One of the best wide receivers in NFL history is calling it quits.

According to several reports, receiver Andre Johnson of the Tennessee Titans will retire from the NFL on Monday.

Titans general manager Jon Robinson released a statement regarding Johnson's retirement:

"Going back to his days at the University of Miami, Andre was one of the most impressive wide receivers I've scouted. He had a professional approach to the game both on and off the field and in my opinion is one of the best to have played the great game. I enjoyed getting to know and work with him in his time with our team. He certainly contributed to this team -- making the game-winning catch at Detroit and his daily interaction with the young wide receivers. We wish him nothing but the best moving forward in whatever endeavors he chooses."

Johnson, who entered the NFL out of Miami as the No. 3 overall pick in the 2003 draft, spent the first 12 years of his career with the Houston Texans before playing with the Indianapolis Colts last season and the Titans this year.

In 14 seasons, he racked up 1,062 catches for 14,185 yards and 70 touchdowns. Those figures rank ninth, 10th, and 33rd in NFL history. Since Johnson entered the league in 2003, only Larry Fitzgerald caught more passes, nobody racked up more receiving yards and only 11 players caught more touchdowns. He is one of just three players with five-plus 100-catch seasons and one of three with three-plus 1,500-yard seasons.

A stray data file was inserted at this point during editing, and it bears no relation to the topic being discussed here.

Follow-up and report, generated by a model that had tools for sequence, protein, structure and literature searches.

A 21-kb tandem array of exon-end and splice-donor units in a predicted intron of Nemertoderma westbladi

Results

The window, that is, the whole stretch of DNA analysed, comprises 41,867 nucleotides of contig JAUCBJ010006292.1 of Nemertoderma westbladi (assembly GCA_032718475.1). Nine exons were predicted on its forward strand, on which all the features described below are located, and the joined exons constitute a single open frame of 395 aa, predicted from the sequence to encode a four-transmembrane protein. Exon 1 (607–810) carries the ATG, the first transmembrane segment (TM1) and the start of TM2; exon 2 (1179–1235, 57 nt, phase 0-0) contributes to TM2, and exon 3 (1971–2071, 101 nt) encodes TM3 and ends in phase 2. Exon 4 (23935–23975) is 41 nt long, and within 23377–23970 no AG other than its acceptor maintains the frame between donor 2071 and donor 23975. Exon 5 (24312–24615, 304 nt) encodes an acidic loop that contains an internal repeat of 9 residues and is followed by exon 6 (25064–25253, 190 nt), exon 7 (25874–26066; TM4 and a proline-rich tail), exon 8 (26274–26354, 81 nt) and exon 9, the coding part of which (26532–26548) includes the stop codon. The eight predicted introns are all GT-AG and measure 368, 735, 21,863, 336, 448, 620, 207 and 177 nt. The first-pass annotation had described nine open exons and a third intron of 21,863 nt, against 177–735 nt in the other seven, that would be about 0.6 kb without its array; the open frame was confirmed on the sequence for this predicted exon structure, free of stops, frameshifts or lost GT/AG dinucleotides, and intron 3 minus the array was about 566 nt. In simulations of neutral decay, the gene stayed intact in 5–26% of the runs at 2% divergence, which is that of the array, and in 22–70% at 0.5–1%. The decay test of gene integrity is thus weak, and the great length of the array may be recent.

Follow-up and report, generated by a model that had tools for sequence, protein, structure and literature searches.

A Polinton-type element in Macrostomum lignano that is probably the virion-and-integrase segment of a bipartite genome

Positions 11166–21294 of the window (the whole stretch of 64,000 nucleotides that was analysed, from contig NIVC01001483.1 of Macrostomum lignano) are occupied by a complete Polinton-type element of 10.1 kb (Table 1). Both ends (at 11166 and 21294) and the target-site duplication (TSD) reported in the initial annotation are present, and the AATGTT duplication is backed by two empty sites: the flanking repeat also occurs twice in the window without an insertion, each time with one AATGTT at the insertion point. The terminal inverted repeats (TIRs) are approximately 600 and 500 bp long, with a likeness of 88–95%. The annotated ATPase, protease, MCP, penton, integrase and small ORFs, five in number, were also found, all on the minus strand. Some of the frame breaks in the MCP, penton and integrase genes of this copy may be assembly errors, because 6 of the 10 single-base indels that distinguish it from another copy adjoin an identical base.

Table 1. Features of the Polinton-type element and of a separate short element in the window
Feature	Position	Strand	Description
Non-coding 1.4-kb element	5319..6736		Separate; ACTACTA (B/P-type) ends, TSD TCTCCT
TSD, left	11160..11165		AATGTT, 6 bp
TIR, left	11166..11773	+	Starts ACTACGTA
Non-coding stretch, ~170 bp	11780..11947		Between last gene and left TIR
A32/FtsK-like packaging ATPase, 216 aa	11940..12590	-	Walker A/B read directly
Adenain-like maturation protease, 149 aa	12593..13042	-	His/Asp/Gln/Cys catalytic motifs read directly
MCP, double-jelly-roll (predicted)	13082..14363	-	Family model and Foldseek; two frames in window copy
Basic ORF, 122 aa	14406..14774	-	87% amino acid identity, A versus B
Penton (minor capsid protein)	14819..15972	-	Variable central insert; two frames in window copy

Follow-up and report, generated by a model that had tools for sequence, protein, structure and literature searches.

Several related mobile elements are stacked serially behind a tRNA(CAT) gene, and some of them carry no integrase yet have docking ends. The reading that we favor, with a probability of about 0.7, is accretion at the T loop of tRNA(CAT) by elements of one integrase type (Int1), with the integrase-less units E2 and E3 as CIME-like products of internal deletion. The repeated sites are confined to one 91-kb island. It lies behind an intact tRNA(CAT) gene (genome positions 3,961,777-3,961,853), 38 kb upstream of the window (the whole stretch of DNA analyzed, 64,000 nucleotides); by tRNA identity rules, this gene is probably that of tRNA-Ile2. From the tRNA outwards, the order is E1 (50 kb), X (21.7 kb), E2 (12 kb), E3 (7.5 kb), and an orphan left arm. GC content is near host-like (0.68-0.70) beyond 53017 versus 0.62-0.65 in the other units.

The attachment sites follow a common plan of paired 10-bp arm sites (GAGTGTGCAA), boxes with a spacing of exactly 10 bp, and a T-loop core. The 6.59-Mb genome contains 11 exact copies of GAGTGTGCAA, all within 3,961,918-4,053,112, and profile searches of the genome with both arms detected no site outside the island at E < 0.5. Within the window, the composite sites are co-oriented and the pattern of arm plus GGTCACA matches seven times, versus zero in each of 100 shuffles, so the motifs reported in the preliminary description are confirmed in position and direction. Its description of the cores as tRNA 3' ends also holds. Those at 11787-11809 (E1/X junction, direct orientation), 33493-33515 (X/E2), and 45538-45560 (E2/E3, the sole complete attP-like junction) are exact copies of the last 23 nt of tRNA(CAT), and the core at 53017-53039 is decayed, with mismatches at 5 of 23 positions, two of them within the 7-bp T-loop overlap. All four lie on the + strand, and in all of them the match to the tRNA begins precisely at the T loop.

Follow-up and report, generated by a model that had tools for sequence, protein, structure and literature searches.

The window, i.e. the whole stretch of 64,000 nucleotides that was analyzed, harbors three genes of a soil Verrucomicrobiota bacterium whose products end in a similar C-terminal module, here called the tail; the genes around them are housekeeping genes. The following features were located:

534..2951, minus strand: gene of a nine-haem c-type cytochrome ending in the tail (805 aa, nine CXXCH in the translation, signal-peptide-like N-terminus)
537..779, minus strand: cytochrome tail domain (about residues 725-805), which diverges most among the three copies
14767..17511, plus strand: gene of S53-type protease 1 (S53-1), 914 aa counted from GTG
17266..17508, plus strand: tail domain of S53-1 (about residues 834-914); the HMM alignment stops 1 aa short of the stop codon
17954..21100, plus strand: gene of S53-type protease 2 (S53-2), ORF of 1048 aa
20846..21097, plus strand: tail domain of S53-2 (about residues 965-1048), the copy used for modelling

He's a seven-time Pro Bowl selection, a two-time first-team All-Pro and a likely future Hall of Famer. And the most amazing part of his career might have been that he accomplished all of this while mostly playing for the Texans. It's not that the Texans are some sort of historically bad organization; it's just that the list of passers Johnson spent his career with is about as uninspiring as it gets.

He caught passes in a Texans uniform from Matt Schaub, David Carr, Sage Rosenfels, Ryan Fitzpatrick, Case Keenum, T.J. Yates, Tony Banks, Ryan Mallett, Dave Ragone and Jake Delhomme. Compare that to the situation of his former Miami teammate Reggie Wayne (who Johnson sits just eight catches behind on the all-time list), who had the fortune of spending most of his career with Peyton Manning, and the tail end of it with Andrew Luck.

To put up the numbers he did for as long as he did while working in that environment is incredible. If this is really it for Dre, well, it's been a great ride.